Original Research ARTICLE
Impaired cross-talk between mesolimbic food reward processing and metabolic signaling predicts body mass index
- 1Department of General Internal Medicine and Psychosomatics, Centre for Psychosocial Medicine, University Hospital Heidelberg, Heidelberg, Germany
- 2Department of General Adult Psychiatry, Centre for Psychosocial Medicine, University Hospital Heidelberg, Heidelberg, Germany
- 3Department of Diagnostic and Interventional Radiology, University Hospital Heidelberg, Heidelberg, Germany
The anticipation of the pleasure derived from food intake drives the motivation to eat, and hence facilitate overconsumption of food, which ultimately results in obesity. Brain imaging studies provide evidence that mesolimbic brain regions underlie both general as well as food-related anticipatory reward processing. In light of this knowledge, the present study examined the neural responsiveness of the ventral striatum (VS) in participants with a broad BMI spectrum. The study differentiated between general (i.e., monetary) and food-related anticipatory reward processing. We recruited a sample of volunteers with greatly varying body weights, ranging from a low BMI (below 20 kg/m2) over a normal (20–25 kg/m2) and overweight (25–30 kg/m2) BMI, to class I (30–35 kg/m2) and class II (35–40 kg/m2) obesity. A total of 24 participants underwent functional magnetic resonance imaging while performing both a food and monetary incentive delay task, which allows to measure neural activation during the anticipation of rewards. After the presentation of a cue indicating the amount of food or money to be won, participants had to react correctly in order to earn “snack points” or “money coins,” which could then be exchanged for real food or money, respectively, at the end of the experiment. During the anticipation of both types of rewards, participants displayed activity in the VS, a region that plays a pivotal role in the anticipation of rewards. Additionally, we observed that specifically anticipatory food reward processing predicted the individual BMI (current and maximum lifetime). This relation was found to be mediated by impaired hormonal satiety signaling, i.e., increased leptin levels and insulin resistance. These findings suggest that heightened food reward motivation contributes to obesity through impaired metabolic signaling.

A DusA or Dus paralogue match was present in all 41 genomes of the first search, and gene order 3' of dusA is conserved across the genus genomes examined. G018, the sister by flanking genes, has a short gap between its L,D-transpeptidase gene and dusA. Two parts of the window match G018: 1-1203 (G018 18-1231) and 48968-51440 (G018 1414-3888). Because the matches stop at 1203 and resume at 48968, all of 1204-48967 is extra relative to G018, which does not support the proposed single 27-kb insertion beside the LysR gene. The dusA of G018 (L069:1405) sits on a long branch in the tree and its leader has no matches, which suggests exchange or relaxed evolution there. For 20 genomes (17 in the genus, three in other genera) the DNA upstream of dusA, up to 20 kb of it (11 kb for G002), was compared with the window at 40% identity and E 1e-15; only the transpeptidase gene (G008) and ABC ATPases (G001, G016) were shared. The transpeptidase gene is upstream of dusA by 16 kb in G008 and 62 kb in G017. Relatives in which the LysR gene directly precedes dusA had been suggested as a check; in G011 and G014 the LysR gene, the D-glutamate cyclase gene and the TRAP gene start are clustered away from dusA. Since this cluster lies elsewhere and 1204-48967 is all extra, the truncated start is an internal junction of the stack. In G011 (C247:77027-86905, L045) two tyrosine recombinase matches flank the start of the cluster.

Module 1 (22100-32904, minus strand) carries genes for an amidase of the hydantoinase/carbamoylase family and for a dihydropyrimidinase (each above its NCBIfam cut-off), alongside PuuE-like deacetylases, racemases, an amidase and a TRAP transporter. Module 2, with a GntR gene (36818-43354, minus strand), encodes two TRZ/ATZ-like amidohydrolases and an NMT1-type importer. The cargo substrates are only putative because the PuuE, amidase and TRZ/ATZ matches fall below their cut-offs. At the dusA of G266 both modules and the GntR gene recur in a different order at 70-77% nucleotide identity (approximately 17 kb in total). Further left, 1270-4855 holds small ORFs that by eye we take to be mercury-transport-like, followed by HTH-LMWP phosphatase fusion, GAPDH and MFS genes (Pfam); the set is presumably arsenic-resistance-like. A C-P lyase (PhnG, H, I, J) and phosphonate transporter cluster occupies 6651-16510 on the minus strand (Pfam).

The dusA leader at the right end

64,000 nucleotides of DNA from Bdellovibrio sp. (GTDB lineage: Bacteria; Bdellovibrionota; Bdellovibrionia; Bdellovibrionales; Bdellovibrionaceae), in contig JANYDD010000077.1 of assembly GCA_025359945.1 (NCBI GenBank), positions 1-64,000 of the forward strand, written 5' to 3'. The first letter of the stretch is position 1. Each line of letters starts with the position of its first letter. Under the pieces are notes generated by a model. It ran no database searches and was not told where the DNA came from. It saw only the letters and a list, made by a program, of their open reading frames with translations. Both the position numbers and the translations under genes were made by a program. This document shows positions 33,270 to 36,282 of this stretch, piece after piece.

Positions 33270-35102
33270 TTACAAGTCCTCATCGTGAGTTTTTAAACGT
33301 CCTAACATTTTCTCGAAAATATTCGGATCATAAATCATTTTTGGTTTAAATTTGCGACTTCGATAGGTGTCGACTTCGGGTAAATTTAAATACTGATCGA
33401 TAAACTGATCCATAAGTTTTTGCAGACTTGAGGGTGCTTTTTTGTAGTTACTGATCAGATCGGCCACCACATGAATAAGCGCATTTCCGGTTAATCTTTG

Obesity has become a global public health and socioeconomic problem (Swinburn et al., 2011), and has been related to higher all-cause mortality (Flegal et al., 2013). A number of environmental and social factors, nowadays, contribute to the increasing prevalence of obesity, such as heightened availability and accessibility of high caloric food, sedentary lifestyle, and unhealthy eating habits. However, the risk to become overweight or obese is also largely determined by biological and genetic factors that predispose individuals to the overconsumption of food (Hill and Peters, 1998; Mitchell et al., 2011).
Previous studies consistently found overweight and obesity to be related to alterations in neural food reward processing (Burger and Stice, 2011). There is evidence for both a hyper-responsivity as well as a hypo-responsivity of reward regions to food in overweight and obesity. Thus, it is a matter of debate whether obese people are overeating due to greater reward sensitivity or to compensate for a reward deficit. However, these theories do not dissociate between anticipatory and consummatory food reward, furthermore, the relation between initial vulnerability and brain adaptations to repeated overeating still remains unknown. Animal research has shown that the rewarding value of food shifts from food intake to the anticipation of food after conditioning to a food indicating cue has taken place (Schultz et al., 1993). Therefore, in accordance to the incentive-sensitization theory of addiction (Robinson and Berridge, 2000), repeated overeating may lead to a greater incentive salience and motivation for food intake (“wanting”) but less activation of reward regions to food receipt (“liking”). Correspondingly, previous studies have shown that heightened anticipatory food reward was related to excessive caloric intake (O’Doherty et al., 2002; Davis et al., 2004).
The anticipation of food intake as well as the processing of pictures of palatable food has been related to the activation of the mesolimbic reward system in previous studies (O’Doherty et al., 2002; Beaver et al., 2006). The ventral striatum (VS) is a key region in the processing of the incentive value and has been specifically associated with the anticipation of a pleasurable outcome (Knutson et al., 2001). Accordingly, activation in the VS has been related to anticipatory food reward processing (Siep et al., 2012) and has been shown to be positively related to the amount of food consumption (Lawrence et al., 2012). Furthermore, the level of activation of the VS predicted the success of a weight-loss program (Murdaugh et al., 2012) and showed a lower decrease in response to food consumption in obese compared to normal-weight adolescents (Bruce et al., 2010). These results support the assumption that overfeeding behavior could be due to an abnormally enhanced motivational response to food stimuli in obese individuals (Davis et al., 2004). However, further research is needed to examine whether incentive salience in obese patients is food specific or extends to general (i.e., monetary) rewards.